Back-to-School Shoe Shopping Tips
Parents: Avoid Kids’ Foot Problems with the Right Shoes
The start of a new school year brings about two certainties: new clothes and new shoes. Unlike in years past, today’s shelves are stocked with a variety of shoe types that run the gamut in style and fit. As such, parents have much more to consider when shopping for back-to-school shoes.
To make things easier at the shoe store, the American College of Foot and Ankle Surgeons (ACFAS) offers helpful guidelines in a quick-reference infographic to help minimize foot problems caused by poorly fitting or worn out shoes.
Shoes Should Fit
Your child’s feet can grow up to two sizes in six months, so you need to account for growth when buying shoes. That does not mean you should buy shoes that are too big—oversized shoes cause the foot to slide forward, putting excessive pressure on the toes. Foot and ankle surgeons suggest a good fit is about a finger's width from the end of the shoe to the tip of the big toe.
Tight shoes can cause blisters, corns and calluses on your child’s toes, blisters on the back of the heels or worse, ingrown nails, which can become infected. Signs of infection from ingrown nails include pain, redness or fluid draining from the area. If you notice any of these symptoms, schedule an appointment with a foot and ankle surgeon, who can perform a simple, safe in-office procedure to remove the nail.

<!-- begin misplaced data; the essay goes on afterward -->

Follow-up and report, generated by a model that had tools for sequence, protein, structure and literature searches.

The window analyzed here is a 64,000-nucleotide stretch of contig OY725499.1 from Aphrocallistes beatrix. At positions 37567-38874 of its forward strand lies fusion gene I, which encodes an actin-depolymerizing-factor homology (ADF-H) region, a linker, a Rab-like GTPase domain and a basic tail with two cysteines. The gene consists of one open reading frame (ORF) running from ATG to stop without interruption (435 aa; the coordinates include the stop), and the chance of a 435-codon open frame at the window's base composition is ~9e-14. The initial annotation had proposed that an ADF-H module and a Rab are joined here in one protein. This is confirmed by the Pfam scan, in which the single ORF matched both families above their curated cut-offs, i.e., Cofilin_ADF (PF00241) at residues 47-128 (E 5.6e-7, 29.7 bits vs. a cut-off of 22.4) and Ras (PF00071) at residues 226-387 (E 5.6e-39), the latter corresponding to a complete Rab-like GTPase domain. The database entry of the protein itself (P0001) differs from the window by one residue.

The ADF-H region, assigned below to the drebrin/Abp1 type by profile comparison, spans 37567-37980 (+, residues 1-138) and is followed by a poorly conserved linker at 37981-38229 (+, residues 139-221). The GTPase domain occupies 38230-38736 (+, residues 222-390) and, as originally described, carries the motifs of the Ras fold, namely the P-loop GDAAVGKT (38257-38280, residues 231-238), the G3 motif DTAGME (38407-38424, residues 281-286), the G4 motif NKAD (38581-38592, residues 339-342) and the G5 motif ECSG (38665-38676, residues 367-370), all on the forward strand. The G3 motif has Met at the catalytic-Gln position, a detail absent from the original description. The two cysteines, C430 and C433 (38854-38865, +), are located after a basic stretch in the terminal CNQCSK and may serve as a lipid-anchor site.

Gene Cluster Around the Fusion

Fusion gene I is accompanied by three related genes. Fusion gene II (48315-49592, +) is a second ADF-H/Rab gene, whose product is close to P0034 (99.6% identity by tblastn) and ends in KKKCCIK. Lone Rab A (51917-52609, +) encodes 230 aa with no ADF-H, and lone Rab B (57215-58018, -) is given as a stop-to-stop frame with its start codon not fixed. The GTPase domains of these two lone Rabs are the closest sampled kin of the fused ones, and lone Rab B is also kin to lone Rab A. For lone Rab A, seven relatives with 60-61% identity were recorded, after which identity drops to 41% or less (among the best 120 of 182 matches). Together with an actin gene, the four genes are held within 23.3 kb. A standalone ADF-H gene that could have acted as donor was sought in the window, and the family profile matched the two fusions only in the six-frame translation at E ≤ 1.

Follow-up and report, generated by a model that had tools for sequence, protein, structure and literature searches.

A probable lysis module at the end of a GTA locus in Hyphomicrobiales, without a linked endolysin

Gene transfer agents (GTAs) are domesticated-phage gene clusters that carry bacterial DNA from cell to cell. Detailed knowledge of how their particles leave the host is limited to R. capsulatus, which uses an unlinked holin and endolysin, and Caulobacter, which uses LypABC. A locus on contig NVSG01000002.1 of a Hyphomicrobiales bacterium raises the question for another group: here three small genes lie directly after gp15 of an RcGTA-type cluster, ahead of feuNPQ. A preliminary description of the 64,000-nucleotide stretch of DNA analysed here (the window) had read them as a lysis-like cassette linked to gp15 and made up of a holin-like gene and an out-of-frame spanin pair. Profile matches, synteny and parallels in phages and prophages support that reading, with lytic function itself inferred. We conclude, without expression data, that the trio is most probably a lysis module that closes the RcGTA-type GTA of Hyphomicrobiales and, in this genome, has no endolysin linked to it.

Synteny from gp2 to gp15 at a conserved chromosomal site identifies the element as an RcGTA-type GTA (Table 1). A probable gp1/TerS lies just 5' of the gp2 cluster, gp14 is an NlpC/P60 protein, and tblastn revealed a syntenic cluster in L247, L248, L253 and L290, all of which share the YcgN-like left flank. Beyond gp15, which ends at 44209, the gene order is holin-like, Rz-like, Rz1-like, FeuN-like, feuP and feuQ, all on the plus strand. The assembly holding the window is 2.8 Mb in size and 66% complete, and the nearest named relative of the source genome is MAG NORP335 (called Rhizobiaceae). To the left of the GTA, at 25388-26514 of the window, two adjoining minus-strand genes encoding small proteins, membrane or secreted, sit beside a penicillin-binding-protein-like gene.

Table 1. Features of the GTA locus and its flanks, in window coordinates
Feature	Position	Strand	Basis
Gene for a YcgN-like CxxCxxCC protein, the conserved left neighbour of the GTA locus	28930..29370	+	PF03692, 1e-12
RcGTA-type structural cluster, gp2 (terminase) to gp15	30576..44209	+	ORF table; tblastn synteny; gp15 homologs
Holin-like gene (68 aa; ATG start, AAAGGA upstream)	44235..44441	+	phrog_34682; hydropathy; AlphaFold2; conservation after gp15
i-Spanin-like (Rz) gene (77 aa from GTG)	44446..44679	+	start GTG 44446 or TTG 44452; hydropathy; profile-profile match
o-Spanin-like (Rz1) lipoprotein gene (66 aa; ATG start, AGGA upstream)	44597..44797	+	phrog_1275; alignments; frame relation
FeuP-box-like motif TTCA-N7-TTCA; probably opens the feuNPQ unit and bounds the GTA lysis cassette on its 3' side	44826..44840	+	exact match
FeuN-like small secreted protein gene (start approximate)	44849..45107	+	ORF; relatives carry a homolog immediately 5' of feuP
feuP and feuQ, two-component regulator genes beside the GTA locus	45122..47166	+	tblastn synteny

Shoes Wear Out
Shoes lose their shock absorption over time, so inspect new and old shoes for proper cushioning and arch support. Foot and ankle surgeons caution, worn-out shoes elevate the risk for heel pain, Achilles tendonitis and even ankle sprains and stress fractures. Replace any shoes with wear and tear around the edges of the sole. When buying shoes, check to see that the toe box flexes easily and the shoe does not bend in the middle of the sole.
Children with Flat Feet
Children with flat feet need shoes with a wide toe box, maximum arch support and shock absorption. The best shoes to buy are oxford, lace-up shoes that have enough depth for an orthotic insert, if necessary.